When it comes to big romantic comedies, Meyers enjoys one of the best track records in town, putting her in the elite club of first-dollar gross directors. Her last three films -- "Something's Gotta Give," "What Women Want" and "The Parent Trap" -- were hits, grossing a combined $373 million in U.S. theaters.
But when Sony Pictures looked at Meyers' latest film's budget and its star-laden cast (Cameron Diaz, Jack Black, Jude Law and Kate Winslet), the studio worried that if it paid everyone his or her going rate, "Holiday" would have to have to be a blockbuster -- grossing at least $200 million -- before Sony would see a dime. (Studios typically split movie ticket revenue with theater chains.)
So the studio, the director and the actors all settled on the new formula. Under the film's reworked contract, Sony will not pay out any gross profit until the studio has recouped its production, marketing and distribution costs, which are estimated to be more than $100 million.
"If the studio wins, the talent wins," said Bob Osher, chief operating officer of Sony's Columbia Pictures.
Moviemaking deals that include profit sharing have a rich and storied history, dating to a pact negotiated by legendary talent agent Lew Wasserman for Jimmy Stewart that guaranteed the actor a percentage of the returns of the 1950 movies "Harvey" and "Winchester '73."
In the ensuing years, various actors were given a share in a movie's revenue. But as the studios became more creative with their accounting, people sharing in a film's "net profit" often discovered that even mammoth blockbusters had somehow become money losers on a studio's books, as was the case with "Batman" and "Forrest Gump."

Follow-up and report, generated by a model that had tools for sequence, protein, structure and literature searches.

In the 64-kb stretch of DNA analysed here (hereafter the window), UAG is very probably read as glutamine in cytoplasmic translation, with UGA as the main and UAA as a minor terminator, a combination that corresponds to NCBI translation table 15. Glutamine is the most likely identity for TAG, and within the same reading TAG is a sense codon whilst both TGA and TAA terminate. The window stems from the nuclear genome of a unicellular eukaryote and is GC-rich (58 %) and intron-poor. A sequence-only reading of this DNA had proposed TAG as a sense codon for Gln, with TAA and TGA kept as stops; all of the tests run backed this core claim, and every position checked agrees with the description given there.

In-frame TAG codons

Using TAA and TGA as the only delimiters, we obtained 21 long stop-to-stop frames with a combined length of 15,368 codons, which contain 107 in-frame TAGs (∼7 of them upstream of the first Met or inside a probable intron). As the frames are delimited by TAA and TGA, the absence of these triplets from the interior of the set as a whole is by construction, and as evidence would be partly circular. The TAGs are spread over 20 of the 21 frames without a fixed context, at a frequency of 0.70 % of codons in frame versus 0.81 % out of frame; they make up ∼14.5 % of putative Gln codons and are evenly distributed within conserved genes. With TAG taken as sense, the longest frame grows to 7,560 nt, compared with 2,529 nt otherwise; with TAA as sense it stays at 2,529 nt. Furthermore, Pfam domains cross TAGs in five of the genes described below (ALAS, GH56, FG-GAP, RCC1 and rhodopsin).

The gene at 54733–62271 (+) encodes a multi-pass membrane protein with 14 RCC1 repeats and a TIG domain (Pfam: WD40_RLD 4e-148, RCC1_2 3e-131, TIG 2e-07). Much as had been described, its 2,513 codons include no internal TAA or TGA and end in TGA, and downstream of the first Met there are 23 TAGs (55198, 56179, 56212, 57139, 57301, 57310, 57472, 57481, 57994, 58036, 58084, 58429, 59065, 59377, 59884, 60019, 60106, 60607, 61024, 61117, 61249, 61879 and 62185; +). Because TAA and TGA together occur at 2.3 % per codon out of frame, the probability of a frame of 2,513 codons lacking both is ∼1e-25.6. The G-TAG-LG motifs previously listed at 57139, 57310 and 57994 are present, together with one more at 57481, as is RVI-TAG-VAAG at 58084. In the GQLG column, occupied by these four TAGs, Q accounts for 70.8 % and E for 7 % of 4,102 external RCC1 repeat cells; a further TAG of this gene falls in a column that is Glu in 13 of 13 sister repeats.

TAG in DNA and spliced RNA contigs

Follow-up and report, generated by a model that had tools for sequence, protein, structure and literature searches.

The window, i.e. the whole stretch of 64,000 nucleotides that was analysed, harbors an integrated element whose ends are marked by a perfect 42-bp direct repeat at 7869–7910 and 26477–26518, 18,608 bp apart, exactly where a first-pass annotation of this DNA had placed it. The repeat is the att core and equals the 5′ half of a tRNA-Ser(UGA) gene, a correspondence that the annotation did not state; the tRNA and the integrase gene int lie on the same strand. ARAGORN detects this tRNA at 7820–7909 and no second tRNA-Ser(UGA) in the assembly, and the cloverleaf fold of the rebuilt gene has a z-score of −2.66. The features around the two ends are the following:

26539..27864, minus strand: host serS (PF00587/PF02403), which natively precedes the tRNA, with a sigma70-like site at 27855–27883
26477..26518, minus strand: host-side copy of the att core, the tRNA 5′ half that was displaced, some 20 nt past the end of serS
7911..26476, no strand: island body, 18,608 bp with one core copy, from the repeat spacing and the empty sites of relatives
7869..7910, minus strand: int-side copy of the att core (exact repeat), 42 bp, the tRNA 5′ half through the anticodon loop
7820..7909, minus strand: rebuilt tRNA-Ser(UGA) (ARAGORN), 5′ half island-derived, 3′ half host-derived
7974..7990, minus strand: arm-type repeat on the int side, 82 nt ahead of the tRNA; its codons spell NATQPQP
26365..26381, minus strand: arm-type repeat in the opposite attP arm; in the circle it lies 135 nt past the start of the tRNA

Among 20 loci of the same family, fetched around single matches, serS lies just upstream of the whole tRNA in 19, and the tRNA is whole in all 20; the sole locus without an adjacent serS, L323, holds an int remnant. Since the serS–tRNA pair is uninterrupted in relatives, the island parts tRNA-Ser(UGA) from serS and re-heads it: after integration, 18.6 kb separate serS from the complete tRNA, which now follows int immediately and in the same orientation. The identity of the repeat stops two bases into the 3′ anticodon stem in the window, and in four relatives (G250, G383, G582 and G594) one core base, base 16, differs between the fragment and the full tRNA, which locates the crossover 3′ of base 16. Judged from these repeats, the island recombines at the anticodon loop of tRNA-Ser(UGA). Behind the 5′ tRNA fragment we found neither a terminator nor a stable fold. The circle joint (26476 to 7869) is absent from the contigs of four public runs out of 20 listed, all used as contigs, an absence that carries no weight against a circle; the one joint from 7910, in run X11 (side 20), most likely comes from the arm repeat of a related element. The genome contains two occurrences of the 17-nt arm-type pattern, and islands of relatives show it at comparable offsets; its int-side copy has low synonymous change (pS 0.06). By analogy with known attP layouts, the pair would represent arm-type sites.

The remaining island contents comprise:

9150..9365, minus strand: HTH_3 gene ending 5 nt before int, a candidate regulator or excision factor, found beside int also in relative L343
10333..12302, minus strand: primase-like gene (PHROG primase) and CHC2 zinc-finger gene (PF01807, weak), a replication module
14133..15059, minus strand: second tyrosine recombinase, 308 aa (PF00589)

During the rise to power of Michael Ovitz and Creative Artist Agency in the 1980s, a larger number of performers and filmmakers were contractually entitled to first-dollar gross, meaning the studios had to share every dollar that passed through the studio tills.
Today, the spreadsheets of studio executives contain as many iterations of the new compensation formula as there are brands of bottled water. Some of the deals allow the studios to charge for inflated overhead, interest and distribution fees (as opposed to their actual costs for such services), although the best deals for talent do not. Some contracts mandate that a studio count all of a movie's video revenue toward its recoupment, rather than the usual 20% that is returned to the bottom line.
Rich Klubeck, an agent at United Talent Agency, said the new deal structures might help studios manage costs and make more daring movies.
"The bargain is the studio takes a lot less risk," Klubeck said. "And everyone who makes the movie enjoys a bigger [profit participation] if it succeeds."
(BEGIN TEXT OF INFOBOX)
Recasting the bottom line
Studios increasingly are steering top-drawer actors and filmmakers away from Hollywood's established compensation system, known as first-dollar gross. The new pay formula, called cash-break-even, allows studios to recoup their costs before sharing revenue with a film's creative talent. Here's an illustration of how the two plans work.
First-dollar gross method
*--* Gross revenue to studio: $250.0 million Profit shared with filmmakers and cast at 25% of that revenue: -$62.5 million Studio gross revenue: +$187.50 million Total cost of making the movie: -$190.0 million Studio bottom line: -$2.5 million
Cash break-even method
*--* Gross revenue to studio: $250.0 million Studio payback for cost of making the movie: -$190.0 million Net revenue for filmmakers, cast and studio: +$60.0 million Payments to filmmakers and cast at 50% of net revenue: -$30.0 million Studio bottom line: +$30.0 million